André Manoukian, the longest-serving judge on Nouvelle Star (ie French Idol) has a new book out. It's titled Deleuze, Sheila et moi. The first is the philosopher, the second the yé-yé star. Just this morning, I was listening to Manoukian being interviewed on French public radio and he was talking about what appeals to him in Deleuze's theory of deterritorialization. Note to Simon Cowell: Step up your game and write a book about your relationship with Zizek and Karen Carpenter.

He also said was that the candidates are now displaying a more varied musical knowledge than when he started the show, adding that while the Internet has been devastating for the music industry, it's also helped the French catch up with the Americans and the Brits when it comes to pop savvy.

As for Nouvelle Star, I've written about it here several times in the past (too many posts, so do a search if interested) and the new season has just started. I expect to go over the finalists once we're past the audition stage.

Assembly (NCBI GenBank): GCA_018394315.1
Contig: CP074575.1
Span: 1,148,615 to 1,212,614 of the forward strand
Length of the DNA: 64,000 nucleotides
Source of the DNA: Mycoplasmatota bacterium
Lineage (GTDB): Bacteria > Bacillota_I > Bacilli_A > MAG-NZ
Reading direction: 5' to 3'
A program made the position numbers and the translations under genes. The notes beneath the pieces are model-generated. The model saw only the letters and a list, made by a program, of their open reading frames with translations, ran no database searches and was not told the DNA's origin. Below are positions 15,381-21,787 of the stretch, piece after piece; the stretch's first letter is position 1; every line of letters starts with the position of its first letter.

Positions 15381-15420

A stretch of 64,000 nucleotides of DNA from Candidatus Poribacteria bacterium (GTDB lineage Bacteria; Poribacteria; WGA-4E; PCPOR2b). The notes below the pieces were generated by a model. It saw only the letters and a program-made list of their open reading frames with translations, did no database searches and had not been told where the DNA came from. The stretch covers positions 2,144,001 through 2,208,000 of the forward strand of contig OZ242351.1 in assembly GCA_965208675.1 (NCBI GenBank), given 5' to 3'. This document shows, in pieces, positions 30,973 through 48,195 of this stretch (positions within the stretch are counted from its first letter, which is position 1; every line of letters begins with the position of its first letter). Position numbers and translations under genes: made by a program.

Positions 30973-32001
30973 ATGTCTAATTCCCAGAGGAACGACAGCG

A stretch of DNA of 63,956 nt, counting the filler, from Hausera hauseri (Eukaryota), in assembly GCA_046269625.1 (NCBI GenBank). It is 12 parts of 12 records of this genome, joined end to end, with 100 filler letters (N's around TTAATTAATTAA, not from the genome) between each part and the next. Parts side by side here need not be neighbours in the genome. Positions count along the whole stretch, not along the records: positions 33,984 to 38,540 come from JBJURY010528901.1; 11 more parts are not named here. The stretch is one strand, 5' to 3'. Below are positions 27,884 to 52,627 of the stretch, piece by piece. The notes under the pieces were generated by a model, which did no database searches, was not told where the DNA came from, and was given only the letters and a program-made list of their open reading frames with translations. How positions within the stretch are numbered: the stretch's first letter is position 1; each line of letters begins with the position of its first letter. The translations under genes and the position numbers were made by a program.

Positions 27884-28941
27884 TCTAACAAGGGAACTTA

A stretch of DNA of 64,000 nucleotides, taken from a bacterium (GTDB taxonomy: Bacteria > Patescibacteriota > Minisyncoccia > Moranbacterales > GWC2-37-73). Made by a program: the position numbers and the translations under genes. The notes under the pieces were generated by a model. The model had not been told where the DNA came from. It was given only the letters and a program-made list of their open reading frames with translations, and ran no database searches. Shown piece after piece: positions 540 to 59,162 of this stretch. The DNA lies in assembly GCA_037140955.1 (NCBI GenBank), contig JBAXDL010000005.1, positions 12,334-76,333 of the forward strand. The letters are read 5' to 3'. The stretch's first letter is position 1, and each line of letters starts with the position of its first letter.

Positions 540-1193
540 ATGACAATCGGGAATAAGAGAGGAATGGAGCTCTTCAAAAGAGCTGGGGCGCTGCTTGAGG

Today's review is Looped, in which Valerie Harper stars as Tallulah Bankhead. It's a tall order and she does fine, actually, but oh that play is bad!

Friday, March 12, 2010

Next Fall

Geoffrey Nauffts' Next Fall reopens after a successful run last year. You may have read that the spring of 2010 was particularly packed with shows about gay men, and this one is exhibit A -- I mean, Elton John and his husband even helped it transfer from Playwrights Horizons to Broadway.

Thursday, March 11, 2010

The Scottsboro Boys

My review of Kander & Ebb's The Scottsboro Boys is up. It's their latest show, and likely the last one since Ebb died in 2004, leaving the piece to be finished by his old accomplice. I'm usually loathe to use the word, but the production is very close to a masterpiece. I say the production instead of just the show, too because Susan Stroman's staging is an integral piece here. Just go.

Tuesday, March 09, 2010

When the Rain Stops Falling

We rarely see Australian plays in New York, so it was especially gratifying to catch Andrew Bovell's When the Rain Stops Falling (review here) at Lincoln Center's Mitzi Gaynor…er, Mitzi Newhouse Theater. And in case you were wondering: Yes, David Cromer is one of the very finest American directors in activity.